We are all aware of the state of the planet, and equally aware that we need to do something about it, but what? Sabby Chesterman has come up with 10 simple, but effective ways that’ll help reduce your impact on the outdoors in a bid to conserve it for generations to come.
Use a reusable bottle, one you can safely carry on the outside of your pack and collect water along the way. Having a trusty spork (this is great for your handbag too!), and a foldable bowl plus making your own trail mix with snacks you can pack in a small tupperware helps to keep your plastic use to a minimum.
Biodegradable washing products
Don’t pack normal beauty products for outdoor adventures, these are often full of chemicals and even an innocent bottle of shampoo could damage the local river ecosystem. So plan ahead and make sure any beauty / washing essentials you need on adventures are biodegradable and natural, including things like wet wipes. Also remember to never wash near water sources; a foldable bucket is great as it doubles up as a bath / washing up bowl and you can dispose of the water without dumping it back into the stream.
Explore local and offset any of your far and wide travel
As much as you might want to travel to tick it off your bucket list, destination holidays are not eco friendly. Try to look local when planning to get outdoors, and if you do have a long adventure planned, offset your trip with a tree-planting scheme such as helping to plant an indigenous forest through Plant a tree or reforestation programs like GreenPop.
Pack in and pack out
The easiest rule to follow is to have a dedicated rubbish bag and always take out whatever rubbish you create and anything you see along the way. When going camping or hiking near local communities, try and see what fresh produce you can buy or source locally off the side of the road to avoid having to use supermarkets (and all the plastic packaging) for things like tomatoes, cucumbers and other veg.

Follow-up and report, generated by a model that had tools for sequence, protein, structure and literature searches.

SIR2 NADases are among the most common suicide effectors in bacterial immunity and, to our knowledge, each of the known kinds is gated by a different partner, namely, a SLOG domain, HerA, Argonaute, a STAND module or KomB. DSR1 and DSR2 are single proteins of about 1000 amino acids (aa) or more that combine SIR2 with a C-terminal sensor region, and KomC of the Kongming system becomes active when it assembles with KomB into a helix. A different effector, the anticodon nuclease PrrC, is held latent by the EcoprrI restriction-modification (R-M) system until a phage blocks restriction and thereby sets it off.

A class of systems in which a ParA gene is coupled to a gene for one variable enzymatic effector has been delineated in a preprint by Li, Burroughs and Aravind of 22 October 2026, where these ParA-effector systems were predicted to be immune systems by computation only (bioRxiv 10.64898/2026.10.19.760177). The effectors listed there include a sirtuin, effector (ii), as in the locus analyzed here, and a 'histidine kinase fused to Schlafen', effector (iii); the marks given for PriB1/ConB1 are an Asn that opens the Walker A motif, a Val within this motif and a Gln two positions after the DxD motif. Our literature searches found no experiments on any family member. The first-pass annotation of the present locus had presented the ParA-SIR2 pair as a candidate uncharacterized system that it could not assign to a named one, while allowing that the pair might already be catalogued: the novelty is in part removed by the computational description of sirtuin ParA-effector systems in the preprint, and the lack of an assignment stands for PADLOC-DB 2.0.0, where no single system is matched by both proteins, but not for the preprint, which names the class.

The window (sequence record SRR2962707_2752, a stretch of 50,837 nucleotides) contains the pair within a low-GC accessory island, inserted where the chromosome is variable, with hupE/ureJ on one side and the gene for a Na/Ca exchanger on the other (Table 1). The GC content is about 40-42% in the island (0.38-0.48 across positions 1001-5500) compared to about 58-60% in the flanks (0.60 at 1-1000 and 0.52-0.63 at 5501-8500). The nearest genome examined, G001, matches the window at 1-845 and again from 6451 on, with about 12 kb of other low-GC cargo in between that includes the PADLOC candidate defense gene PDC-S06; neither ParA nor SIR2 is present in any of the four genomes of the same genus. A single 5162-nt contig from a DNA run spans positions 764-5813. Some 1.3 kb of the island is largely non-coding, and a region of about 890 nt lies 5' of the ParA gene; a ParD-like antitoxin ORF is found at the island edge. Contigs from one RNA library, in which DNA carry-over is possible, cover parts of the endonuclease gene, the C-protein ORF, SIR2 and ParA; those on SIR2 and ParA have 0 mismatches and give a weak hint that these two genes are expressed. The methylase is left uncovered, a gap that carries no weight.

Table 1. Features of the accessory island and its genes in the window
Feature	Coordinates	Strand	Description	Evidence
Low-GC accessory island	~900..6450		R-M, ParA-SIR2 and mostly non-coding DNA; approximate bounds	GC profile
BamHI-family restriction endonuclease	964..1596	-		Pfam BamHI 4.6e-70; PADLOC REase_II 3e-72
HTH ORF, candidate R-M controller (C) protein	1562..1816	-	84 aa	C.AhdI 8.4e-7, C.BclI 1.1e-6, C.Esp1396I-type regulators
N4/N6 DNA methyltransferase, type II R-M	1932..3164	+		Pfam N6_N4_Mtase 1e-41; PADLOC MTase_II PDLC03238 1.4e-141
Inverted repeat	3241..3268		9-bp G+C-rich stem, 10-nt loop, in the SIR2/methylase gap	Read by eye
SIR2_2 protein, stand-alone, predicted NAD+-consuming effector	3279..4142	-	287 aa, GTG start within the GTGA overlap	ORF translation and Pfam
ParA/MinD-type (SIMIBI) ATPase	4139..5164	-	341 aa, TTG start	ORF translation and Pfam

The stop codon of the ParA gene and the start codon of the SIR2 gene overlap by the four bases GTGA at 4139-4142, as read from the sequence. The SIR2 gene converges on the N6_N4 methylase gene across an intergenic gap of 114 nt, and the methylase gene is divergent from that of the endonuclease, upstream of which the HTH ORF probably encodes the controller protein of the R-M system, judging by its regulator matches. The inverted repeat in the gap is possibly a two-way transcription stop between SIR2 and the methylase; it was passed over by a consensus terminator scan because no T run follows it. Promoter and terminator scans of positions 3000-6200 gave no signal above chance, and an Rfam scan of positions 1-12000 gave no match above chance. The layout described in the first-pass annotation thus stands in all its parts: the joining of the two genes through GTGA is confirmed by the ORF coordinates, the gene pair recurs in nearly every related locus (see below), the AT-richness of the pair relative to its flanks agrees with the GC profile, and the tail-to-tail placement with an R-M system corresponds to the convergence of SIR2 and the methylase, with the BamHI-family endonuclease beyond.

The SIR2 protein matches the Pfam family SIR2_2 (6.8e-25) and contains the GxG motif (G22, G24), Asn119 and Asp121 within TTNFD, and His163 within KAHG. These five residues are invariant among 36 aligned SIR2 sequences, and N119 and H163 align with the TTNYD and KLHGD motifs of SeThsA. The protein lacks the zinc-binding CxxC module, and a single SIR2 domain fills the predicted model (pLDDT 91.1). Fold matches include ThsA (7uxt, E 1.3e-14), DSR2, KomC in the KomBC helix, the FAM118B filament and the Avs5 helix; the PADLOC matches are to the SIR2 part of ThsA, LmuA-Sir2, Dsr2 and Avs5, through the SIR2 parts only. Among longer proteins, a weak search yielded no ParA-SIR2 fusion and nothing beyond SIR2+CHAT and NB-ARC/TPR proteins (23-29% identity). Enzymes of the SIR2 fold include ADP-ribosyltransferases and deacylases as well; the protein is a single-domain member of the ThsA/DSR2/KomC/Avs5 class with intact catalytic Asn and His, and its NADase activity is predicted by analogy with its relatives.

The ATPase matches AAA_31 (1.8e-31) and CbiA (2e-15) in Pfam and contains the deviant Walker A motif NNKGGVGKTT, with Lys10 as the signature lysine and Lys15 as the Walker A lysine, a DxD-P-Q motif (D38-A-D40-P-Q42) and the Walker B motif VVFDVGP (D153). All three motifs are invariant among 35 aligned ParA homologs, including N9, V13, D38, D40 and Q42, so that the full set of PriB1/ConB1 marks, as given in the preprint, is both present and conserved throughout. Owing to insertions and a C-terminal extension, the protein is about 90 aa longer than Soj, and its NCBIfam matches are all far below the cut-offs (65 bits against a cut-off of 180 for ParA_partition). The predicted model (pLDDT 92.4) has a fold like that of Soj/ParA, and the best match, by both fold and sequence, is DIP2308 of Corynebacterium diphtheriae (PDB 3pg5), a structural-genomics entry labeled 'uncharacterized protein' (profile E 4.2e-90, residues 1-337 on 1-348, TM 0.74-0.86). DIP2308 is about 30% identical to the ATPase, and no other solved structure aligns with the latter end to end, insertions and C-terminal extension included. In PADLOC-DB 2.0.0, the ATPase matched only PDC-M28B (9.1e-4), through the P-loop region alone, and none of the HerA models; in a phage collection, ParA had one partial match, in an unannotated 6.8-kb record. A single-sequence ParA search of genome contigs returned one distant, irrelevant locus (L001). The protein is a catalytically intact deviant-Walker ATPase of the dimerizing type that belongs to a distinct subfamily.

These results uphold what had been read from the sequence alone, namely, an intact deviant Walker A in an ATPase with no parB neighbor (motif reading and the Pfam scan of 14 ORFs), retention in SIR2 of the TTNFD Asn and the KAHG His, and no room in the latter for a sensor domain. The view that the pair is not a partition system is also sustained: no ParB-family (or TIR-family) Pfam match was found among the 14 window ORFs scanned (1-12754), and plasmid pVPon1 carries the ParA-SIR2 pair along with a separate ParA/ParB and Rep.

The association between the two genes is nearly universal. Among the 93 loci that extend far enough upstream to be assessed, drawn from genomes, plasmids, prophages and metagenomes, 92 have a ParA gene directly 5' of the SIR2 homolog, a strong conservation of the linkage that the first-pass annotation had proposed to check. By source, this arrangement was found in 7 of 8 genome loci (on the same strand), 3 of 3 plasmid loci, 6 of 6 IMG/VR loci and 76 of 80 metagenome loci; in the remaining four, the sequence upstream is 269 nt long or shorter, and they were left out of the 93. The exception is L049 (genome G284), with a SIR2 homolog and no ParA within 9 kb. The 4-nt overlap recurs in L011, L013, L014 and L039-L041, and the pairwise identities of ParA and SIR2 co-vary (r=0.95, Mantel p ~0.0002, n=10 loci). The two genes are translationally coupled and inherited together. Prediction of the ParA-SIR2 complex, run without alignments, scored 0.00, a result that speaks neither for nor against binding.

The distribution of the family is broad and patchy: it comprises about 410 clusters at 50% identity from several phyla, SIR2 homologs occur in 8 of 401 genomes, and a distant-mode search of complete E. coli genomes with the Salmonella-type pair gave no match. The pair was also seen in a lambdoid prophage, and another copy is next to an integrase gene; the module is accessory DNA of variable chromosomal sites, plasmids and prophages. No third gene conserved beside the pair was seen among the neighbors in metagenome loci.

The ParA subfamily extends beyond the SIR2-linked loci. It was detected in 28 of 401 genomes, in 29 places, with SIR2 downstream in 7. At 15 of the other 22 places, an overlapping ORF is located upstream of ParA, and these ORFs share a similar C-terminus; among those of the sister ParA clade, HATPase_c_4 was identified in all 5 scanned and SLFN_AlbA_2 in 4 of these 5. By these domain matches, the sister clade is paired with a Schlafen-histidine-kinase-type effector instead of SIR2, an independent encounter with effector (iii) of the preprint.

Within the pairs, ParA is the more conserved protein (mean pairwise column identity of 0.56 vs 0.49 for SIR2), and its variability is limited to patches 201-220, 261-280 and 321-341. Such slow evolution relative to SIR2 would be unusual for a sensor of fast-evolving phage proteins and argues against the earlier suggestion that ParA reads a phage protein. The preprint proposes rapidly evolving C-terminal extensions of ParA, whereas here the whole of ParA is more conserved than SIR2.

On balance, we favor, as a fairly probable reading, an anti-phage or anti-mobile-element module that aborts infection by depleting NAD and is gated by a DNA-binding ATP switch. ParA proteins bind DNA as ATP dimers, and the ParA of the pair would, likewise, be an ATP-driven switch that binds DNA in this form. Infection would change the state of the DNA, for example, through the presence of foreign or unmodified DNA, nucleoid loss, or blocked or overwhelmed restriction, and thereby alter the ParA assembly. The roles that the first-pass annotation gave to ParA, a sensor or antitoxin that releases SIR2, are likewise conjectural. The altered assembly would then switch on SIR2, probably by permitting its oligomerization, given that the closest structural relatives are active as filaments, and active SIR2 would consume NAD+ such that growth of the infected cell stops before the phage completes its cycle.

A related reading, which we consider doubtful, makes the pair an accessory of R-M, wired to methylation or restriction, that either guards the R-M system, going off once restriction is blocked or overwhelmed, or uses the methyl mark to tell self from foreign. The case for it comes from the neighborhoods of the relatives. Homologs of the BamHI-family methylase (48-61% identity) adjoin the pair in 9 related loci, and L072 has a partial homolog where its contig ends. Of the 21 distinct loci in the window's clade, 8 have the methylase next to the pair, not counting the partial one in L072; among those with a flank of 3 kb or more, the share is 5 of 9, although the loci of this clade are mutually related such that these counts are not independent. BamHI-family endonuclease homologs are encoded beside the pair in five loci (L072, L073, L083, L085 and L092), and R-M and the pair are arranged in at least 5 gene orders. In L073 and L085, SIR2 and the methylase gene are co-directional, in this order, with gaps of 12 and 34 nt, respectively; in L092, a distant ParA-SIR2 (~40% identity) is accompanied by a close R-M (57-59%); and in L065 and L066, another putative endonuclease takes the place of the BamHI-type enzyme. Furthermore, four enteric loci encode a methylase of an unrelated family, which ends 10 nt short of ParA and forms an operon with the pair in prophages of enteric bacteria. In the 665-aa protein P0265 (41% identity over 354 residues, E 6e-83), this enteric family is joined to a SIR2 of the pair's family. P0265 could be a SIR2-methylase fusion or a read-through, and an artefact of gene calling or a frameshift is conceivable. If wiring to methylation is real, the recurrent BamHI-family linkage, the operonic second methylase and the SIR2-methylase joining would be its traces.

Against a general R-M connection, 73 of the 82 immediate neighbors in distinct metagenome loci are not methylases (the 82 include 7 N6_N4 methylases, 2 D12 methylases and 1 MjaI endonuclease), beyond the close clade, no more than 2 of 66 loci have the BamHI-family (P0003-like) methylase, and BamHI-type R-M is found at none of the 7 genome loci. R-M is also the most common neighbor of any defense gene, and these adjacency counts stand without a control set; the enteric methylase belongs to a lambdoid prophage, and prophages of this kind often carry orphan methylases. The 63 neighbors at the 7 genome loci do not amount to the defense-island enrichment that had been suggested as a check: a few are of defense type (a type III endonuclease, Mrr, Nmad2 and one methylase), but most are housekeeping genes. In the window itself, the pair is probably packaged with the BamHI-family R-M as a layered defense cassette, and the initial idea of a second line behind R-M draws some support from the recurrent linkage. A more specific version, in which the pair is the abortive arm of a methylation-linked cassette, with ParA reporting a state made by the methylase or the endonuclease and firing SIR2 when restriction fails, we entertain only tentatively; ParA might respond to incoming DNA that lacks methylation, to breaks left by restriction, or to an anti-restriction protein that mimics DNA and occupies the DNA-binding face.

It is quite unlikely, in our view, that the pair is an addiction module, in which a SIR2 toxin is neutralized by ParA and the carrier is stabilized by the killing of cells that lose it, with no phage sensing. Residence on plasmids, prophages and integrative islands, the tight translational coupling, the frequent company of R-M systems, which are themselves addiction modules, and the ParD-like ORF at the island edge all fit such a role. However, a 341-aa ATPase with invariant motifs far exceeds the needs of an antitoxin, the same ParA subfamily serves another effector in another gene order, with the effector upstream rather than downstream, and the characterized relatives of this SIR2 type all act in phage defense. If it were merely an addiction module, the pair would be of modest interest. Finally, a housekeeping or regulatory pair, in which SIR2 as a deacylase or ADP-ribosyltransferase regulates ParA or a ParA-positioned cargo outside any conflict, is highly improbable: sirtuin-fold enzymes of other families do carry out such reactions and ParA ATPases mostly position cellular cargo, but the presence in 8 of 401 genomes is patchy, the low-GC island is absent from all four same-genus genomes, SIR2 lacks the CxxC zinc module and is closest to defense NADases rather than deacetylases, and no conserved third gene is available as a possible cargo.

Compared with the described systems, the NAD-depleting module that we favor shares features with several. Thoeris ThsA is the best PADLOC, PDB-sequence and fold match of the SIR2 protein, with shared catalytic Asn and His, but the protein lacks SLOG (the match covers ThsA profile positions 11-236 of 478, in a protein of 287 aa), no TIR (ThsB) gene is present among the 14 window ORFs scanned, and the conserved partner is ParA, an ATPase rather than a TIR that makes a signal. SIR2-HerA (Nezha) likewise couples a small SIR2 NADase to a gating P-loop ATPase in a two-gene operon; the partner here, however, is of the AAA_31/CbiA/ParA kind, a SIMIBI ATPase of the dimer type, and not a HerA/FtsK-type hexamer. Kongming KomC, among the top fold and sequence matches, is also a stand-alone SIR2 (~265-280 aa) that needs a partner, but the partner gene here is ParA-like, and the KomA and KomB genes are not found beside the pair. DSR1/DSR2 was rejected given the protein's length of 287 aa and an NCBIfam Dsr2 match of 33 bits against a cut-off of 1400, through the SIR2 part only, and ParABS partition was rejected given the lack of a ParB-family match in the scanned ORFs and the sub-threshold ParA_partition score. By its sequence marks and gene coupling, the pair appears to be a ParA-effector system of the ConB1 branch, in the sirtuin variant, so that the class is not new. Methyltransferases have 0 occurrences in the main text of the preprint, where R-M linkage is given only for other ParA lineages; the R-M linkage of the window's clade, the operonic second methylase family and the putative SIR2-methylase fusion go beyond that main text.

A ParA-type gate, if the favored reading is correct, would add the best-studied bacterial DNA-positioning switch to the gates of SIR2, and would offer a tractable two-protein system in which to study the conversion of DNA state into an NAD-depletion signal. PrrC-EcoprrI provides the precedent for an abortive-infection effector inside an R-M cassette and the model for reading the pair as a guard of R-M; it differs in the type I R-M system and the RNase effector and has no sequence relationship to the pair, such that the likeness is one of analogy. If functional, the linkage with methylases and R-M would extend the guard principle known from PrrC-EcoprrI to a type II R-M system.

Use the path more travelled
Venturing off the path for the perfect sunset picture sounds alluring, but every footstep off a marked trail is the start of erosion to the natural habitat. Keep to the path and have the right shoes for whatever conditions you might come across.
One of the most common human impacts you encounter is toilet paper in the bush. This can easily be avoided - carry a ziplock to keep all your tissues and a hand sanitizer for post toilet trips! Also don’t go to the loo anywhere close to water sources and always dig a hole of about a foot if you can.
Investing in the local community
Tourism is one of the best drivers of a local economy, so when planning your trip do a bit of background research on the local community and local NGOs or environmental education initiatives. Even if you are an intrepid adventurer, hiring a local guide is the best way to truly immerse yourself in a new place and your fees and tips have a huge impact.
Donate to camp and park fees
Outdoor adventures often lead us across protected and wilderness areas. Don’t skimp on paying any entrance fees and if there is a chance to donate it makes a huge difference to trail and camp maintenance.
Giving someone the opportunity to explore the outdoors
Having the time, gear and resources to get to experience the outdoors is a real privilege. One of the best ways to inspire a generation of environmental advocates is giving kids the chance to see and experience the outdoors. Keep a piggy bank, every time you go for a run, hike or adventure holiday stash away some money. At the end of a year use your savings to give someone the gift of the outdoors.
Repair, recycle and make your own gear
Adventures will often take their toll on gear coming back with memories and dents, holes and rips. One of the best ways to reduce your impact is to limit your consumption so keep your gear in working order for as long as possible. Patch any rips (sailing tape works great!), use old clothes to sew your own dry bags, and keep patching your old trusty backpack.